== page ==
These mutant parent plants apparently have hidden templates containing genetic information from the preceding generation that can be transferred to their offspring, even though the traits aren't evident in the parents, according to Purdue University researchers. This discovery flies in the face of the scientific laws of inheritance first described by Gregor Mendel in the mid-1800s and still taught in classrooms around the world today.
"This means that inheritance can happen more flexibly than we thought in the past," said Robert Pruitt, a Purdue Department of Botany and Plant Pathology molecular geneticist. "While Mendel's laws that we learned in high school still are fundamentally correct, they're not absolute.
"If the inheritance mechanism we found in the research plant Arabidopsis exists in animals, too, it's possible that it will be an avenue for gene therapy to treat or cure diseases in both plants and animals."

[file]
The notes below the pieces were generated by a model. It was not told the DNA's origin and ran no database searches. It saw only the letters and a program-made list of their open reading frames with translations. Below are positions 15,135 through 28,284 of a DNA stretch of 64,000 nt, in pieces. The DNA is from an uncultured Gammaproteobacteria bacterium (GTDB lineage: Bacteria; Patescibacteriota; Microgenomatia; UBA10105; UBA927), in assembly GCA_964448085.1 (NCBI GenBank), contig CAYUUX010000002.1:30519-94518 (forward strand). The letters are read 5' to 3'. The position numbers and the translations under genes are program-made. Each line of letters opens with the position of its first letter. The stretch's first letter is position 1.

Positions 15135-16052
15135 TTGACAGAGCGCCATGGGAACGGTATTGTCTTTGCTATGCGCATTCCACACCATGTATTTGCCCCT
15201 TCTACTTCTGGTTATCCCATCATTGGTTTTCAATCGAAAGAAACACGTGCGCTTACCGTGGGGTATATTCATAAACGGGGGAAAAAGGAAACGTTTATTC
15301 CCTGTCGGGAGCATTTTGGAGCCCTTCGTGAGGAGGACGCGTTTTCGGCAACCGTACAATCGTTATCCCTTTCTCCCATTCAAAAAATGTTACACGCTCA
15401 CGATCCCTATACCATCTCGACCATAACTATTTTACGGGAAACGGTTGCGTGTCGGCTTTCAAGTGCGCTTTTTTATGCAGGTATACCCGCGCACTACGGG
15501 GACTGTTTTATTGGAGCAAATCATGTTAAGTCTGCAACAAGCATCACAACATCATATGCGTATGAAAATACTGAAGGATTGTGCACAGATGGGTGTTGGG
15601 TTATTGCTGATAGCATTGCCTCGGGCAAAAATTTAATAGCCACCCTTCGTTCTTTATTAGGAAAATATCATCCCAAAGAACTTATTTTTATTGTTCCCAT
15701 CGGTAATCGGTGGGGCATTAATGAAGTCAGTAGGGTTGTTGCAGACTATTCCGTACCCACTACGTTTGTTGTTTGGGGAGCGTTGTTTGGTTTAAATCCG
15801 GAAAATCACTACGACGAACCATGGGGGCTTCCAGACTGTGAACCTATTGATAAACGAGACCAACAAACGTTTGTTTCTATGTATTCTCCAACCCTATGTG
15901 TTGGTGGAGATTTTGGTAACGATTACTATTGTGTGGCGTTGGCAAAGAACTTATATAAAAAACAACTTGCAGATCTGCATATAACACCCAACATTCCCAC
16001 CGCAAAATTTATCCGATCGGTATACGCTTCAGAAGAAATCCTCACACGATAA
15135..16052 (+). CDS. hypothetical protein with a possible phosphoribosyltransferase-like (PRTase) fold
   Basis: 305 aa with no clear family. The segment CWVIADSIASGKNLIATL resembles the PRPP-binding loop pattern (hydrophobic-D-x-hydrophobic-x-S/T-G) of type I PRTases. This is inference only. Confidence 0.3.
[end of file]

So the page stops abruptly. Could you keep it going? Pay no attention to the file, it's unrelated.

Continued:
The study is published in the March 24 issue of the journal Nature.
Pruitt and collaborator Susan Lolle found that Arabidopsis in which each parent plant had two copies of a mutant gene could produce progeny that didn't show the parents' deformity, but rather were normal like the grandparents. Under Mendelian laws, the offspring should have shown the same mutation.
The first clue that the classic inheritance rules didn't always apply was the discovery of normal flowers on some offspring of mutant plants. In the deformed parents, the flowers were fused into tight balls. But in the grandparents and 10 percent of the grandchildren, the buds become 1-millimeter-long, bright white flowers that fully opened and radiated out from the center of a cluster.
"If you take this mutant Arabidopsis, which